Bunny Bonding Blues

by Kitty
(New Jersey)

Zoey Grooming Ralphie

Zoey Grooming Ralphie

I have a year old mixed breed rabbit named Zoey, who used to be bonded to her sister.

Sadly, her sister passed away and (since, Zoey has been declared healthy) we have been on the hunt for a hubby for her.

First we went to a trial period with a rabbit named Ben. Zoey HATED him and vice versa. He was over-interested in her and constantly annoyed her, they always fought.

So, after a month of that we went back to the drawing board.

We went on another trial period with a calm, sweet lionhead boy named Ralphie. They get along much better and I can see them definitely being bonded.

However, we are kind of stuck. Zoey will groom him pretty much every session multiple times. But when she doesn't groom him she is constantly trying to nip his underbelly and get him to move from HIS litter box.

We have had a lot of success with the bathtub but they have to move on from it since they do nothing when in there.

I took out the litter boxes and try to correct Zoey every time she goes to nip him because he rarely fights back, but I don't know how to stop all her territorial behavior.

Should I leave it alone and let them work it out?

How do I get them out of this rut?

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Apr 03, 2017
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Neutral is key
by: Kerry - Just Rabbits

Hi Kitty,

It seems they are not completely bonded as yet as, like you say, there is still an issue over territory.

I have written lots about this subject and you can find most of the information you need in the following links...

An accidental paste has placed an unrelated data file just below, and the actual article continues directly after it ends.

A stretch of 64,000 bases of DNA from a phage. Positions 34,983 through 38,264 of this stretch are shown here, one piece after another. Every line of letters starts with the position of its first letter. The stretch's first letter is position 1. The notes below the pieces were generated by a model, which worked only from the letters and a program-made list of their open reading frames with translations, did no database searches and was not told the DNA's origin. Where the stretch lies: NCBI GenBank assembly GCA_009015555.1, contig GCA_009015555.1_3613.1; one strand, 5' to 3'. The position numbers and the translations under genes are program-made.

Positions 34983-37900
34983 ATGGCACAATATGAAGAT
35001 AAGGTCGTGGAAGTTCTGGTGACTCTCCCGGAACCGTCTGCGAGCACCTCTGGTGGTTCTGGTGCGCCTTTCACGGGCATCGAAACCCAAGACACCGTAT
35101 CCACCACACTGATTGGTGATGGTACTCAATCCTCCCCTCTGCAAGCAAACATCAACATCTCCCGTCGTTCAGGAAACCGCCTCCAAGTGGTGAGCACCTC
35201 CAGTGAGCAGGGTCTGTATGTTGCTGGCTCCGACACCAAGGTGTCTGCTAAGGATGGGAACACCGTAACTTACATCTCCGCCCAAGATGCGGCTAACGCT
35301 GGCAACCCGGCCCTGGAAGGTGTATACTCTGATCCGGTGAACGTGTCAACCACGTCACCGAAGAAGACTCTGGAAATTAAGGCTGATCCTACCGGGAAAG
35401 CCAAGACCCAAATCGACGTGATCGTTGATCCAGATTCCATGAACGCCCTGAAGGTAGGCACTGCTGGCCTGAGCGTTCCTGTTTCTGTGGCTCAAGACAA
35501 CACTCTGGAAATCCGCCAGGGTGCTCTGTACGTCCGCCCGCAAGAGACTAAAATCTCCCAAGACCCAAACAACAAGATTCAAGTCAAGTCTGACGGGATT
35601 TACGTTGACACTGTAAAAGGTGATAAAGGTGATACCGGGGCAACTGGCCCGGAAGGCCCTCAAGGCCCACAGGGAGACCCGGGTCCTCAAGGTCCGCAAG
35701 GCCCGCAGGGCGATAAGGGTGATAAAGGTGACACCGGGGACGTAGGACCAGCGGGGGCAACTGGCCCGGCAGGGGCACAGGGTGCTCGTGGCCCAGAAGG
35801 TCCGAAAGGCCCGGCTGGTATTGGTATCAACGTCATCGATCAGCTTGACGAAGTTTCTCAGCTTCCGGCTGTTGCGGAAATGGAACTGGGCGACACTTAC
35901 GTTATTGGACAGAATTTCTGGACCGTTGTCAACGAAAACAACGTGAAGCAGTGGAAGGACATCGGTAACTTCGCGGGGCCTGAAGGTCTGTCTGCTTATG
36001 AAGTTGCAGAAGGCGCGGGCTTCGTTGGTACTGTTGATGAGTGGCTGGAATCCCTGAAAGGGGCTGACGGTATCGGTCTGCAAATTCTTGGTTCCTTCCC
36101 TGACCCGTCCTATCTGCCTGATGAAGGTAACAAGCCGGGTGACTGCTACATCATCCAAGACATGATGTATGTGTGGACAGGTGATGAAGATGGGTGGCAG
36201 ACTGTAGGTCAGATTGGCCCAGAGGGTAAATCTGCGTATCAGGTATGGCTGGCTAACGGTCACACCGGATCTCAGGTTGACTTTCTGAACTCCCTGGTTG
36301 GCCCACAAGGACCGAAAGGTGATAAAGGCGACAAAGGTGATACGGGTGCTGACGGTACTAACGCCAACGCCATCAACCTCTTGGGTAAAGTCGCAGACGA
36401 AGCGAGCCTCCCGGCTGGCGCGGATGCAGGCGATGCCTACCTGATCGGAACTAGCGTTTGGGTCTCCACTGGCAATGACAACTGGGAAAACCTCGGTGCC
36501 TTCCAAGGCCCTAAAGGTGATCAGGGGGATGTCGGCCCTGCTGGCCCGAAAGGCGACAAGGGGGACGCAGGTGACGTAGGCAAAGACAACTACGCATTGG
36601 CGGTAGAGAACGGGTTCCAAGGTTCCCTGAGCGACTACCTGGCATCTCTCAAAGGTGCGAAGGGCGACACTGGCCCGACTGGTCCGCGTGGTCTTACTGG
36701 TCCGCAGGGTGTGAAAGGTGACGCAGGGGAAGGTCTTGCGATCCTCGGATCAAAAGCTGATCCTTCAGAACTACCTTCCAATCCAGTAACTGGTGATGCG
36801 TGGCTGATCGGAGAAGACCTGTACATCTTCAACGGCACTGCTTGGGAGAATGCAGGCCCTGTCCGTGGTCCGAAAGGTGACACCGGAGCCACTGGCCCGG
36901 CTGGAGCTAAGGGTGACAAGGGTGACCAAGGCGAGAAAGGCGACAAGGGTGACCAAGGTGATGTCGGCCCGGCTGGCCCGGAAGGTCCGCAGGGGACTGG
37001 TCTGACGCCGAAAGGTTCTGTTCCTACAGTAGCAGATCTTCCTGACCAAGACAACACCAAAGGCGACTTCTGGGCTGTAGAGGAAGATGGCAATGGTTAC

These pages should help...

• Rabbit Bonding - http://www.justrabbits.com/rabbit-bonding.html


• Rabbits Living Together - http://www.justrabbits.com/bunny-rabbits-together.html


• Territorial Behaviour - http://www.justrabbits.com/rabbit-behaviour.html


• Neutering & Spaying - http://www.justrabbits.com/neutering-rabbits.html

(Note: It will take from 2 weeks to 2 months for the hormones to settle down after neutering.)

You may also want to note that any bonding process should be done slowly, carefully, supervised and on completely NEUTRAL territory (where no rabbit has been before!) until bonding is complete.

There are two important things to remember about bonding:

1. Understand rabbit body language. Positive signs include all relaxed behaviour: resting quietly, stretching out, flopping, and purring. Grooming, eating and drinking in each others company are positive too. Mounting is positive, unless the other rabbit is squealing - this can mean some biting is involved and should be stopped.

2. Watch for signs of aggression. Such as tail up, ears back, growling, boxing, circling, chasing and biting. Also watch for jealously in an trio dynamic. If any one of these occurs several times in a row and neither rabbit backs down you should stop them immediately. A spray of water to the head may interrupt a fight about to happen but it won't do anything to stop them once they start fighting. A gloved physical pick up or a towel used to separate them will be your only options here. (Or a bowl of water poured on them but this is a bit extreme).

The emphasis in all this is the word neutral!

If any familiar smells, sounds, sights or even objects etc are with any rabbit during bonding, they will react in a territorial way. (especially litter boxes)

The trick is to make them think about 'the now' and concentrate on the issue happening right in the moment. That's why a slightly scary situation works so well when bonding because the rabbits are forced to act on the instinct of survival rather than pride and defiance.

Don't forget, you can probably find exactly what you are looking for inside my new rabbit program. It's the result of over 30 years of research and is really easy to navigate and very quick to understand.

Take a peak here and see if it's for you...
https://justrabbits.leadpages.co/irabbit-ready-presentation

I hope I have helped, thanks again for your question and I look forward to finding out more about you and your rabbits soon!

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